Tevere & Trastevere
Rome's most vibrant districts all follow the flow of the river traversing the heart of the Italian Capital.
Ponte Sisto: its here, on the bridge which links the Italian capital's two liveliest zones, Trastevere and Campo dei Fiori, that this journey discovering life on Rome's riverbanks commences.
Campo de' Fiori
In the evenings, Campo de' Fiori heaves with the crowds of young people who habitually gather beneath the statue of Giordano Bruno, all apparently oblivious to the hooded figure of the great Renaissance philosopher and poet towering above them.
Early each morning, the piazza is transformed in market (the oldest in Rome), packed with colorful stalls brimming with fruit, vegetables and flowers.
Trastevere and Porta Portese
We access Rome's Trastevere district via Piazza Trilussa, in which Lorenzo Ferri's statue of the famous Roman dialect poet takes pride of place. From the piazza, a tangled web of little lanes and alleyways wind their way through Trastevere, past any number of lively little bars, pubs and bistros.
Often open until late in the evening, the Roma In Trastevere Museum is the perfect place where to learn about life in the capital city during the 18th and 19th centuries
Trastevere's main square is named after the Basilica of Santa Maria in Trastevere, believed to be one of the oldest churches in Rome. The exterior of the church might be impressive, but nothing compared to the magnificent 13th century mosaics inside.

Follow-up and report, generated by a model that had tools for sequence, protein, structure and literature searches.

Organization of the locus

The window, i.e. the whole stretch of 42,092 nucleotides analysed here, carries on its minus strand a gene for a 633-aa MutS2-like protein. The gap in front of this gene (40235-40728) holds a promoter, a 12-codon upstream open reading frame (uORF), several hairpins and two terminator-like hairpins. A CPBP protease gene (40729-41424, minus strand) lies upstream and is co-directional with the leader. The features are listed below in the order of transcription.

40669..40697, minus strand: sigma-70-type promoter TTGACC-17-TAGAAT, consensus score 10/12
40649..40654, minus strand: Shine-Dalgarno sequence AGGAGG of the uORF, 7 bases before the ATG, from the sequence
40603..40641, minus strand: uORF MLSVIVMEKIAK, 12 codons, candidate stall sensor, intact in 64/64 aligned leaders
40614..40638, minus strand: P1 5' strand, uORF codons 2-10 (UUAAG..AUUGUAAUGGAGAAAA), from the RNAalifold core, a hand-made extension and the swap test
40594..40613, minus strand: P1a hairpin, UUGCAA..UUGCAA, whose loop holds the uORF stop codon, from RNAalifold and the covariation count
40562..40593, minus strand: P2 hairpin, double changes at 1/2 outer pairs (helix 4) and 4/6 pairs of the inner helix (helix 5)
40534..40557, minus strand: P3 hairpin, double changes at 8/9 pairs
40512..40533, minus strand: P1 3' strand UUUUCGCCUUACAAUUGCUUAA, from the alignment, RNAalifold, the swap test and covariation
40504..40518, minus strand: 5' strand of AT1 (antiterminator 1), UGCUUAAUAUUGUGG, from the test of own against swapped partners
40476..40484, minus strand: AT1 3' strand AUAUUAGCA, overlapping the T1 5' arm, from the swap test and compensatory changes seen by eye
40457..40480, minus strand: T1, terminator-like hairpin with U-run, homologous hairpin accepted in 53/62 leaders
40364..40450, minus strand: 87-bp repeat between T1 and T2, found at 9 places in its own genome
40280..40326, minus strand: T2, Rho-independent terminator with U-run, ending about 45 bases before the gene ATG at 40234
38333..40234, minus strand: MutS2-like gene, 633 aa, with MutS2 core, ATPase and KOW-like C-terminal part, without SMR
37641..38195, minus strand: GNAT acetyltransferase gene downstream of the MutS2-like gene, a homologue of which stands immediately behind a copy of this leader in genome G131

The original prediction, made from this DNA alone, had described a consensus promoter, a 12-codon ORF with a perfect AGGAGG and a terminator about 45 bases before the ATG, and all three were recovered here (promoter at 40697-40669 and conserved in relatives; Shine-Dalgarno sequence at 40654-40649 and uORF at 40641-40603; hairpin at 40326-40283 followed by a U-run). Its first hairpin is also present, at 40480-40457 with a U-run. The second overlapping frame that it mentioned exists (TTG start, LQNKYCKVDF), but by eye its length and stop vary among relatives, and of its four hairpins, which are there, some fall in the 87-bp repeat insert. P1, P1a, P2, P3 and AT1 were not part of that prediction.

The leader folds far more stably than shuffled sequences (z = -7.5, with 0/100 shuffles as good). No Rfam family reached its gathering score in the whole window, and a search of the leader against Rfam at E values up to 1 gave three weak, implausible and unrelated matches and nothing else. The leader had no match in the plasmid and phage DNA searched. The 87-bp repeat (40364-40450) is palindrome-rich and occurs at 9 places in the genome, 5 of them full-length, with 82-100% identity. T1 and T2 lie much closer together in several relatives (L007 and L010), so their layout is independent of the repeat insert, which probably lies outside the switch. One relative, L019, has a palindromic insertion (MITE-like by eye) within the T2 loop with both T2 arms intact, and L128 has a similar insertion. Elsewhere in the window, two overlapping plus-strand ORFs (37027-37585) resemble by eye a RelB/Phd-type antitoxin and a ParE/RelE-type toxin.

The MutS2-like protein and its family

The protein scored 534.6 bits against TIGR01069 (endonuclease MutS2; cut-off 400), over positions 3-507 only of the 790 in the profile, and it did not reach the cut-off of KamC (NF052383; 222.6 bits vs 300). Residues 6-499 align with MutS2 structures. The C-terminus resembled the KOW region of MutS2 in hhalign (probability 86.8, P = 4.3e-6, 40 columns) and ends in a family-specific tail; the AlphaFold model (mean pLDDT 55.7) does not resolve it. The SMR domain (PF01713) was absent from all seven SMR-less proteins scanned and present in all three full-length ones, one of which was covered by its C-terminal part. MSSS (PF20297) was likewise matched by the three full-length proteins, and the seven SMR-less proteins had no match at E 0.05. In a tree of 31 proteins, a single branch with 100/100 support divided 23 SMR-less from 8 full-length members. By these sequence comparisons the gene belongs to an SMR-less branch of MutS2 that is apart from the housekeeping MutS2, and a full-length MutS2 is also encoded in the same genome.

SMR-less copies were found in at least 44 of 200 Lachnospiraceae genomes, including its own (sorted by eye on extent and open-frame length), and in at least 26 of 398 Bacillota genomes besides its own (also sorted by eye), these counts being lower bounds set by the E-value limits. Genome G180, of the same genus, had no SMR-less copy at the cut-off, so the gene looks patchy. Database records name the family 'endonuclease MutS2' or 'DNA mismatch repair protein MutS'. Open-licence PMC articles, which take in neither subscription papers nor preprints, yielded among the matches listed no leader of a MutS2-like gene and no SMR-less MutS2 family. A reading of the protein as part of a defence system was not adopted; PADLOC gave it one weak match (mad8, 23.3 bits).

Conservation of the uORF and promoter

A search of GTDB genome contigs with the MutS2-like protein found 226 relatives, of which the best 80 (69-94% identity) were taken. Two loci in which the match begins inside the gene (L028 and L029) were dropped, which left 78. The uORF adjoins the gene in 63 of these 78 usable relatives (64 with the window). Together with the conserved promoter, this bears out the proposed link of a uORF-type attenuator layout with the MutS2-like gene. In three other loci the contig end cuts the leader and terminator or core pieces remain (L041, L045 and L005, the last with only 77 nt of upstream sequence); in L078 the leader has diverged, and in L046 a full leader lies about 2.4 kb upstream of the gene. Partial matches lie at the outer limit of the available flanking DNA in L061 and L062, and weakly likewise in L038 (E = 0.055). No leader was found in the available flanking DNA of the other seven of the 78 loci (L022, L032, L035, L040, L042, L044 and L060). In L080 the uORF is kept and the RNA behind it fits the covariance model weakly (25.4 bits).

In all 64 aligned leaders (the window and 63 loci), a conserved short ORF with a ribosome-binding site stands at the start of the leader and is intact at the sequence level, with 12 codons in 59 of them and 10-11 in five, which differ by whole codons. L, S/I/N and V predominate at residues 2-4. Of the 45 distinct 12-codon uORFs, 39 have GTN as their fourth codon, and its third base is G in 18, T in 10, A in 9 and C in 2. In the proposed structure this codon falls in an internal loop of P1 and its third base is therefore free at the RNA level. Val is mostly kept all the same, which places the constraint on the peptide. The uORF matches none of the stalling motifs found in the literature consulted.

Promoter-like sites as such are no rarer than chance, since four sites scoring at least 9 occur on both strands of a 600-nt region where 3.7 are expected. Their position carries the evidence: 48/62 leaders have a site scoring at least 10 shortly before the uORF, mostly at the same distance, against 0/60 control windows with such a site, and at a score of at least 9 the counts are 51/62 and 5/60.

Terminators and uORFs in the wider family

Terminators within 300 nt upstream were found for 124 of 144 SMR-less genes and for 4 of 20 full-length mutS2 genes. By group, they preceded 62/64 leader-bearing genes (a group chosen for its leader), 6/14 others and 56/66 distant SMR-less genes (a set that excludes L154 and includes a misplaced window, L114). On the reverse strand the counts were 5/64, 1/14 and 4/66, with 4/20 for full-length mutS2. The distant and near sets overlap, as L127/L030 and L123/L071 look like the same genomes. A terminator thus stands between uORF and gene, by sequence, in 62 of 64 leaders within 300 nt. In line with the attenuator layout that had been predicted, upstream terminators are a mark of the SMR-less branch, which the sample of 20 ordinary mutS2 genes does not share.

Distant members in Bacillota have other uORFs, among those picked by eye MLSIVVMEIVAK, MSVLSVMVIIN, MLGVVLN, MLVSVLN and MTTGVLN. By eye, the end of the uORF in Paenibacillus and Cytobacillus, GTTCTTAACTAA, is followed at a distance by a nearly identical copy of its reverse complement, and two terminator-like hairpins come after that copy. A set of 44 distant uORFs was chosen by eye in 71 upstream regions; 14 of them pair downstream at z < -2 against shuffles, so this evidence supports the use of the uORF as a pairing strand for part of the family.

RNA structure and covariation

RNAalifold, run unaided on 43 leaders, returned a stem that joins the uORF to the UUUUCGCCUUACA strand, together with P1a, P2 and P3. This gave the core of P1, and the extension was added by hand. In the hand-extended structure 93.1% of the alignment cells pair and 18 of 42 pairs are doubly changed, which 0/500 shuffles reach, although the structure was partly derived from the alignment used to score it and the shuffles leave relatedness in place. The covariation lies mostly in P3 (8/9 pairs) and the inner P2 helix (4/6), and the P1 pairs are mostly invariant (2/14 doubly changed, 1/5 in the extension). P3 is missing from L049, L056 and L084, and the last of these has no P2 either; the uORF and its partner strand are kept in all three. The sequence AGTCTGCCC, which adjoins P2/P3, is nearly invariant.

Those choosing to attend the Sunday morning service, might easily decide to follow an hour of devotion with a shopping spree at the nearby Porta Portese market, the largest flee market in Rome, if not the whole of Italy.
Rome's river island
Heading back to the banks of the Tiber, we get out best view of the boat-shaped Tiberina island from the Garibaldi Bridge.
The enormous edifice which rises up at the center of this island in the middle of the river, is none other than the Fatebenefratelli hospital.
In the hot summer months, on the island and along the river banks, dozens of dehors are opened, serving refreshments to tourists and locals.
Not to be missed: a cup of Rome's famous grattachecca crushed-ice drink.
Bocca della Verità and Circo Massimo
Just a few meters from the islet of Tiberina, in the area of the ancient Boario Forum, lies one of Rome's most-loved tourist attractions: the Bocca della Verità, or Mouth of Truth. This enormous round stone, sculpted so as to represent the head of a faun, dates back to the 4th century B.C..
Be careful: legend has it that liars who dare to place their hand within the gaping mouth of the faun, will be bitten!
From the Bocca della Verità, we walk just a few hundred meters so as to reach the Circo Massimo, an ancient Roman arena which once boasted a capacity for as many as 250 thousand spectators.
The arena was used to host Imperial games, horse races, even full scale naval battles. Today the Circo Massimo still functions as events venue, providing a spectacular location for high profile concerts and theatrical performances.
Testaccio and the Cestia Pyramid
Following the course of the river once more, we cut across Lungotevere Aventino so as to reach Piazza dell'Emporio, where there was once a port of the same name. The square marks the entrance to Testaccio, another of the Italian capital city's most lively districts, all the more so in the evenings.
Monte Testaccio is an ancient Roman spoil heap composed almost entirely of fragments of old amphorae - in latin Testae, from which the district takes its name
Not far from here is Caio Cestio's impressive funeral monument - the Egyptian inspired Cestia Pyramid, dating back to 20 B.C..
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